Ravens (Corvus corax) are indifferent to the gains of conspecific recipients or human partners in experimental tasks

Felice Di Lascio (Korresp. Autor*in), Redouan Bshary, Thomas Bugnyar

Veröffentlichungen: Beitrag in FachzeitschriftArtikelPeer Reviewed


Although cooperative behaviours are common in animals, the cognitive processes underpinning such behaviours are very likely to differ between species. In humans, other-regarding preferences have been proposed to sustain long-term cooperation between individuals. The extent to which such psychological capacities exist in other animals is still under investigation. Five hand-reared ravens were first tested in an experiment where they could provide food to a conspecific at no cost to themselves. We offered them two behavioural options that provided identical amounts of food to the actor and where one of the two options additionally delivered a reward to a recipient. Subsequently, we made the ravens play a no-cost cooperation game with an experimenter. The experimenter had the same options as the animals and matched the ravens’ choices, making the prosocial choice the more profitable option. In both conditions, ravens were indifferent to the effects of their choices and hence failed to help conspecifics and to cooperate with the experimenter. While our negative results should be interpreted with care, overall, our findings suggest that the ravens had no understanding of the consequences of their actions for a potential recipient. This study adds to several others that have used a similar set-up and have reported negative results on other-regarding preferences in animals.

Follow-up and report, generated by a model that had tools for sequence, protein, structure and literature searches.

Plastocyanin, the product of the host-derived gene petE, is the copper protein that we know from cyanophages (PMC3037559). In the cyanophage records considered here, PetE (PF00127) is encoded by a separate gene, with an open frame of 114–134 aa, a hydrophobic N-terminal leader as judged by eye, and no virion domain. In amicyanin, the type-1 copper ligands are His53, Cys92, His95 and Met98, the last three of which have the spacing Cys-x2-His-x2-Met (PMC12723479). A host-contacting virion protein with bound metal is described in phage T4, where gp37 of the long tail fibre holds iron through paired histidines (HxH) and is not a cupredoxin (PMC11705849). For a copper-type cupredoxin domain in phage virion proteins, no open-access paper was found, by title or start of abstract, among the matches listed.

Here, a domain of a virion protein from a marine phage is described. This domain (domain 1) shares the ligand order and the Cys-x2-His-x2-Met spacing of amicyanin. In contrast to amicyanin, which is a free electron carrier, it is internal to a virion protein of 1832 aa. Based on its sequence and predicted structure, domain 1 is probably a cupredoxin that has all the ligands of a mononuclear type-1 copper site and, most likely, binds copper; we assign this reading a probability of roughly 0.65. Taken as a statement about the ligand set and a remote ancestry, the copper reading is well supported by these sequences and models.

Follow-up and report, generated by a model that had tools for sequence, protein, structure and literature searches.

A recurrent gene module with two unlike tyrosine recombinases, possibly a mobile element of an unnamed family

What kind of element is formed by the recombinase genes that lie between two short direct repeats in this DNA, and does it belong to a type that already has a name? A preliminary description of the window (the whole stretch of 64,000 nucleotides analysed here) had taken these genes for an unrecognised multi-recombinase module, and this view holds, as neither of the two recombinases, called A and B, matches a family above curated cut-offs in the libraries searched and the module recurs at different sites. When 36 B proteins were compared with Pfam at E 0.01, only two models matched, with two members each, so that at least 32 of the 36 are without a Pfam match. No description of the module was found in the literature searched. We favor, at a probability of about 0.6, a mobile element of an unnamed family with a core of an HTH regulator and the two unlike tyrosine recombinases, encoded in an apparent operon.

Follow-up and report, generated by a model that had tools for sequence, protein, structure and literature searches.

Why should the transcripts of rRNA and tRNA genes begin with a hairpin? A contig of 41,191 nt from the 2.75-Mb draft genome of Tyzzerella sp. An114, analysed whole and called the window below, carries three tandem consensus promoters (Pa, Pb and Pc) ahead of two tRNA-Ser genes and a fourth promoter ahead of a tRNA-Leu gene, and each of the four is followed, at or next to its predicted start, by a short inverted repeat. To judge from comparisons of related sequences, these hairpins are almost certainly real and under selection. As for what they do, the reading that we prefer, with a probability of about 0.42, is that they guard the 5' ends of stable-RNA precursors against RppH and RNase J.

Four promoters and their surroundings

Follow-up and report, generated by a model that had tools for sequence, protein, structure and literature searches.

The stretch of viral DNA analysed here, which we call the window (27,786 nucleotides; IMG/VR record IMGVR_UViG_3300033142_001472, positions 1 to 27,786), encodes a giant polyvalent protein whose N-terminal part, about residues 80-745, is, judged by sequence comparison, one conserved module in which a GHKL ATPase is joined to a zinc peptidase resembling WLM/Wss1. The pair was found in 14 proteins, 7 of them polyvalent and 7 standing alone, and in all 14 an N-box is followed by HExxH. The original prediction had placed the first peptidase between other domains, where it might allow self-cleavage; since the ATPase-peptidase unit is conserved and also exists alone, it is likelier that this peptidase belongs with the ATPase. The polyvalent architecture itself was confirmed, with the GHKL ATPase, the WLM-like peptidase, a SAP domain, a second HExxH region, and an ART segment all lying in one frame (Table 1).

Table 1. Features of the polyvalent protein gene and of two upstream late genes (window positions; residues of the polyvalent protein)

Seiten (von - bis)35-43
FachzeitschriftAnimal Cognition
PublikationsstatusVeröffentlicht - 2013

ÖFOS 2012

  • 603115 Philosophische Anthropologie
  • 106051 Verhaltensbiologie